Top-ranked South Africa play their first Test in five months when they face an unfamiliar West Indies in the opening contest of their three-match series in Pretoria on Wednesday.
It will also be a first outing for islanders since they cut short their tour of India in October after a dispute between the players and their board.
Having last played each other in five-day cricket in 2010, South Africa coach Russell Domingo said he had to do some extra homework against a team without experienced stalwarts Chris Gayle, Darren Bravo and Darren Sammy, who retired from Tests in May.
"We haven't played a Test since our tour to Zimbabwe in August so that is nearly five months," Domingo told reporters.
"It gives us some time away from the white ball to re-energise that aspect of our game; we have played a lot of ODI cricket over the last year.
"We need to do our homework on them. West Indies cricket has a proud reputation and a proud record. We know that they are one of the best one-day sides in the world and they are a team that will be desperate to do well in the Test format."
South Africa will hand a debut to 27-year-old right-handed batsman Stiaan van Zyl, usually a number three at provincial level for the Cape Town-based Cobras, but likely to fill in at seven in the place of the injured JP Duminy for this series.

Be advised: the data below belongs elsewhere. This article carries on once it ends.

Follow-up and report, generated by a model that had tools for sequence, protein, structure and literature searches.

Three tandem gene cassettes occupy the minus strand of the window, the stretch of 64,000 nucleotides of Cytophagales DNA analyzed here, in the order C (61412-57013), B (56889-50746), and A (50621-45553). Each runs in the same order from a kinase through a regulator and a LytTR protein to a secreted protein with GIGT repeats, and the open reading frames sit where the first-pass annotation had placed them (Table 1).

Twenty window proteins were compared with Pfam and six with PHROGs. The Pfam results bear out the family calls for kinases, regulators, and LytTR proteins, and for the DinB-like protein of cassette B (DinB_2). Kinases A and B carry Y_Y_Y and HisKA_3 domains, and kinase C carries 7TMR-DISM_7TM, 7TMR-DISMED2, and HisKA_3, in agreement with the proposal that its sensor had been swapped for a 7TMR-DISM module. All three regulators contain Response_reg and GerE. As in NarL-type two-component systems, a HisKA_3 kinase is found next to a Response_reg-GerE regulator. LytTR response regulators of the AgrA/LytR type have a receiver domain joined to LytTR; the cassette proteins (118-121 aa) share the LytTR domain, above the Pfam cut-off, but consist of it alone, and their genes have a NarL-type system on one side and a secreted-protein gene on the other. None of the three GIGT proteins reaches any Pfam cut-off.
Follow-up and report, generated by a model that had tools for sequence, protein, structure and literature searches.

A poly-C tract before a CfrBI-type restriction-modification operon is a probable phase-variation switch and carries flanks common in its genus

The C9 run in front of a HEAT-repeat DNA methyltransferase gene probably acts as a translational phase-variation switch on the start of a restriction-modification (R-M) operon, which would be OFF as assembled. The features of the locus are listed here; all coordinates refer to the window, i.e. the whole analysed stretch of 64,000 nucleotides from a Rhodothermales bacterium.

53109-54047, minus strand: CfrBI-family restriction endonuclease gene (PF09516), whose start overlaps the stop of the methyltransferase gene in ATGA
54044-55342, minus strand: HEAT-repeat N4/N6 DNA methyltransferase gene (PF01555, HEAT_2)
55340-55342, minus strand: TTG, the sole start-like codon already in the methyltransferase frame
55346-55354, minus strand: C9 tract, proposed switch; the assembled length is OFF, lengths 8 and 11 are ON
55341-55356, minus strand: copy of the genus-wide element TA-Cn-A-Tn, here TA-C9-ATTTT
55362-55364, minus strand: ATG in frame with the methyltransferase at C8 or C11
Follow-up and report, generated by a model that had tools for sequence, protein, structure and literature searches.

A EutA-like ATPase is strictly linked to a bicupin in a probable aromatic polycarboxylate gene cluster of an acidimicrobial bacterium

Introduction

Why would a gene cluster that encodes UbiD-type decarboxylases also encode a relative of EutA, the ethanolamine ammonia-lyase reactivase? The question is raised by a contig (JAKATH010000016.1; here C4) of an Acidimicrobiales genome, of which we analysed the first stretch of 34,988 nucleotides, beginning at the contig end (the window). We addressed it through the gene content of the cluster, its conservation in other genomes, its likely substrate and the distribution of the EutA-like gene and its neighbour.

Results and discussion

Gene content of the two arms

The tour will be a challenge for the West Indian batsmen against South Africa's vaunted pace attack of Dale Steyn, Morne Morkel and Vernon Philander, with Proteas opener Dean Elgar suggesting it is the toughest country in the world to face the new ball.
Elgar, a replacement in the opening positions for the retired Graeme Smith, believes the side is at peace with the loss of their former captain and Jacques Kallis, who retired from international cricket last season, and are looking forward to the years ahead under new skipper Hashim Amla, who debuted in the role in Sri Lanka in July.
"That era has come to an end now," Elgar said. "The guys who are in the team appreciate what has happened and are mature and professional enough to understand that it's the time for another opening pair to start things out."
The Proteas have dominated the tourists since losing their first Test meeting in 1992, having claimed 16 wins to three in the 25 Tests between the sides.
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